The South China Tiger has been listed as critically endangered by the IUNC list since 1996. They were considered ‘pests’ by the Chinese government and with no hunting ban in place the tigers were nearly hunted to extinction. No official or biologist has seen a wild South China tiger since the early 1970s which is when the last remaining tiger was captured and placed in captivity. It is thought to be extinct in the wild. There are approximately 100 South China Tigers left and all are living in captivity.
In October 2000, the UK charity, Save China’s Tigers, was established to try and re-wild some of the captive-bred tigers left in China’s zoo’s, Save China’s Tigers want to train as many remaining captive South China Tigers how to hunt and take care of them self in the wild. Because Africa has a high success rate of re-wilding Lions, Save China’s Tigers decided Africa would be the perfect location to launch their Chinese Tiger Reintroduction project. They bought land (33,000 hectares of land) which is now called the Laohu Valley Reserve and recruited the right people to launch their new project.
Accomplishments the project has achieved so far:
In 2003, the first two tiger cubs ‘Cathay and Hope’ were shipped to Africa and by 2004 they caught their first Antelope. October 2004, another two Chinese tiger cubs “TigerWoods” and “Madonna” left China for South Africa to be rewilded at Laohu Valley Reserve and again a year later they caught their first guinea fowl, a year later they were catching blesbok.
In 2007, a new male called No. 327 in the studbook was translocated from Suzhou Zoo of Jiangsu Province of China to Laohu Valley Reserve in South Africa, to supplement the breeding program.
In 2008, Madonna gave birth to a second litter of cubs, a male, and a female. She reared them on her own in a completely natural environment. Madonna was now making a kill every second day.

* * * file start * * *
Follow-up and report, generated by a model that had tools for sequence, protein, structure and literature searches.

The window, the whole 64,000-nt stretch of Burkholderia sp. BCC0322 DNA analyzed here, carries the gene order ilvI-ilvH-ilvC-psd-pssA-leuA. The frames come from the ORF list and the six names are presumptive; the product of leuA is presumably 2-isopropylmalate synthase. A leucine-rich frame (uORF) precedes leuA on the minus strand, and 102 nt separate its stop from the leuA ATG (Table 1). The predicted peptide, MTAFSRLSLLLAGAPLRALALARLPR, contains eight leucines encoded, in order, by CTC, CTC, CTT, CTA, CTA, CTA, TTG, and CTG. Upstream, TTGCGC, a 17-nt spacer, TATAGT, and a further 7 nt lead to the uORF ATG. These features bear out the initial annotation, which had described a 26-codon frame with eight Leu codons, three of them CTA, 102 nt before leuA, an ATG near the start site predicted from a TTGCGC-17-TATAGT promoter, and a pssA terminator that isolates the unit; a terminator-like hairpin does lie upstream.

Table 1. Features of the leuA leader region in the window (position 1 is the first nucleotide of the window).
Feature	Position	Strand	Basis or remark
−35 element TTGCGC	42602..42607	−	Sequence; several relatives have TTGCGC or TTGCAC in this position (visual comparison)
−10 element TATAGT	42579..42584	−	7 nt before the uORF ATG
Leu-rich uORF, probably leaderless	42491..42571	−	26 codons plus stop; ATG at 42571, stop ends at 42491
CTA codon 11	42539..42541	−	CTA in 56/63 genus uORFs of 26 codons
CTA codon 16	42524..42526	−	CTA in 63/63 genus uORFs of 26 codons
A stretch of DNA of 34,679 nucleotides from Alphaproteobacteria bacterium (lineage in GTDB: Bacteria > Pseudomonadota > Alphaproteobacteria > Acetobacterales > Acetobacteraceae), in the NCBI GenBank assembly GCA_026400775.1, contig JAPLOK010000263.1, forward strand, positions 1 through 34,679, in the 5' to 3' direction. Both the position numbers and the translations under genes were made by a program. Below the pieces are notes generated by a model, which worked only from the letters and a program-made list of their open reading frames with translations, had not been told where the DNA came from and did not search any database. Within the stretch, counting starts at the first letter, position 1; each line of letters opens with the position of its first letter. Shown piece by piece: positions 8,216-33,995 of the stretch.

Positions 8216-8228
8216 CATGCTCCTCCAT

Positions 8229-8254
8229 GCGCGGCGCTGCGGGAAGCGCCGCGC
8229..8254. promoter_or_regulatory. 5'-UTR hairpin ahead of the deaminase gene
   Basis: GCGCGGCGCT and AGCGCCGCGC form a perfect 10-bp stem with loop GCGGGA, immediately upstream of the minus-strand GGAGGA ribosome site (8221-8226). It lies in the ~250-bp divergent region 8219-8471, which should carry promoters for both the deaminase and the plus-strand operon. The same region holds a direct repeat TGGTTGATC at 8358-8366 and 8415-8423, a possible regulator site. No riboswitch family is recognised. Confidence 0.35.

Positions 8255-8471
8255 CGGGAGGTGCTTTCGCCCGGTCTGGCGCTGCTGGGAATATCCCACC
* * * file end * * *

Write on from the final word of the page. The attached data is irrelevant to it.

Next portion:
In 2011, Cathay gave birth to two more tiger cubs sired by 327. The number of South China tigers at Laohu Valley Reserve totaled 12.
In 2012, Princess, a 2nd generation South China tiger born in wild conditions at Laohu Valley Reserve, gave birth to the first 3rd generation South China tiger cub. The father of the cub was Hulooo, the first South China tiger born in South Africa.
February 2014, Madonna had triplets, two females, and one male, and the number of South China tigers at Laohu Valley Reserve now totals 18.
Introducing South China Tigers Back Into The Wild:
Today no tigers have been released back into the wild in South China. It is very important when releasing any animal back into the wild that they are released into an area sustainable for their survival, this can be critical, it must have the right terrain, prey, protection against poachers etc. The Government of China and international researchers have identified Hupingshan and Houhe National Nature Reserves as one potential release site. The global tiger conservation community has recently announced they want to double the number of tigers in the wild by 2022 this will include the South China Tiger.